PLAYBOY: Looking to the next presiden­tial election, what's your take on the likely Republican contenders? Were you surprised to hear that your old adversary Newt Ging­rich may be running?

FRANK: We Democrats have not lived lives sufficiently pleasing to God to have Gingrich be the Republican nominee in 2012. PLAYBOY: Sarah Palin? FRANK: Ibid.

PLAYBOY: What's your impression of Palin? FRANK: There's less there than meets the eye. PLAYBOY: Then to what do you attribute her continuing prominence? FRANK: She presents better than the reality. She does fit the current mood, but there isn't much substance there. PLAYBOY: Mitt Romney? FRANK: No.

PLAYBOY: Is there anyone who could be a threat to President Obama? FRANK: Not in the current crop. An Ameri­can saying goes, "You can't beat somebody with nobody."

PLAYBOY: If he wins reelection, what would you like Obama to push for as a second-term president? FRANK: The same as now—financial reform, protect­ing health care. I'd like him to take on defense. I'd like him to do better help­ing poor people. It's another thing I dis­agree with him on. In his budget he cut things that will hurt the poorest of the poor to show his bona fides as a bud­get cutter.

PLAYBOY: You've pushed for legaliz­ing marijuana. Can you see the presi­dent joining you on that one?

FRANK: That's not likely. Marijuana is clearly a case where the public is way ahead of the politi­cians. The current policy is ludicrous. It's unfair and waste­ful. It contributes to the illegal trade, the

cartels and the big traffickers. I'm disap­pointed in some of my liberal friends for not moving on marijuana. It's generational; changes are coming.

PLAYBOY: What should be done with the war on drugs?

FRANK: All that money should be spent on prevention and treatment. The war on drugs doesn't work, it doesn't stop people from using, and we spend a fortune. PLAYBOY: After the Tucson massacre, is new gun-control legislation likely? FRANK: No. Nothing will change on that. The only thing that could happen is more monitoring so it's harder for peo­ple who shouldn't have guns to get them. I hope.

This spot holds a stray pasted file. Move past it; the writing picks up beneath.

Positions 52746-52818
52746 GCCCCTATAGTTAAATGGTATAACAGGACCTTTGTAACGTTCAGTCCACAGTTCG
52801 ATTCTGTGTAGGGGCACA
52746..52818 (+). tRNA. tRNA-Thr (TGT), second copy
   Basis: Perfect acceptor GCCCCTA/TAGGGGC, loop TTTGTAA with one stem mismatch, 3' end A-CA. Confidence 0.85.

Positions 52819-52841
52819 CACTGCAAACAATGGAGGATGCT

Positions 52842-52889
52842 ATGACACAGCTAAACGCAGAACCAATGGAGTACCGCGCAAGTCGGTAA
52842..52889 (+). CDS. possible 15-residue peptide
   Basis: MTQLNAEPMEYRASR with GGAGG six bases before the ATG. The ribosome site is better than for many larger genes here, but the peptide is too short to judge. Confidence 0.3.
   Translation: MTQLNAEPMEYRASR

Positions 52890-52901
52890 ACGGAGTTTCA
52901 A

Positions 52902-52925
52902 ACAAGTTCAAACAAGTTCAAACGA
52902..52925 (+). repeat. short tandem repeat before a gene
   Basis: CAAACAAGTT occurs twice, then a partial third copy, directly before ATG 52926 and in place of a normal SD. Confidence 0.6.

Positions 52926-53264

PLAYBOY: Clearly you have a long list of issues about which you still feel strongly,

yet you had planned to retire after this term, at least according to some reports. Were they accurate?

FRANK: I thought of stepping down, yes. PLAYBOY: You recently announced you'll run again. What changed your mind? FRANK: If the Democrats had held the House, maybe I would have retired. I thought it might be a good time. But we lost, and there's too much at stake. I would have felt I was abandoning the battle when we were under siege.

PLAYBOY: After 30 years in this job, you've encountered many times when things were going well for the country and many when they were going badly. Is this just another swing of the pendulum, or are you par­ticularly worried now? FRANK: The threat to public policy is seri­ous. We had a financial meltdown and were able to stop it. We put in place regulations that could prevent it from happening again. If it does happen again, we don't know if we'll be able to stop it. And yet the

Republicans are trying to reverse the reg­ulations. They're inflaming anger rather than seeking rational solutions. We're at risk of being unable to fix the problems we need to fix—education, health care, the def­icit and many others. Yes, I'm worried. PLAYBOY: In The New Yorker Congressman Scott Garrett, a Republican on the Finan­cial Services Committee, was quoted as saying about you, "Barney has a great deal of faith in government to solve people's problems. The question is whether that faith is justified." Is it? FRANK: The truth is I don't have faith in gov­ernment to solve problems. What I do have faith in is our ability to come together to solve problems. It's what's hanging in the balance now. There's no outside entity called government. It's all of us, collectively and jointly. Will we be able to solve America's problems? That's why we're elected. All I can tell you is that I'll keep trying.


We don't need to be in

Western Europe anymore.

They don't need us to defend

them. There's no threat. Even

if there were, they're wealthy

enough to do it on their own.

Politics has gotten

meaner, and no one listens

to one another. Polarization

isn't good. It divides us,

which means we can't

effectively solve problems.

[no credit]
"If we get the terrorists out of Afghanistan, they can go to Pakistan. If they aren't in Pakistan, they can go to Yemen. If not Yemen, Somalia. If not Somalia, Ethiopia. If not there, Syria. The problem is we can't plug every hole."
[no credit]
"Marijuana is clearly a case where the public is way ahead of the politicians. The current policy is ludicrous. It contributes to the cartels and the big traffickers. I'm disappointed in some of my liberal friends for not moving on marijuana."
"I've always pushed for rental housing. Clinton and Bush were pushing home own­ership. Owning a home is supposedly the American dream, but I think the American dream is having a place you can afford."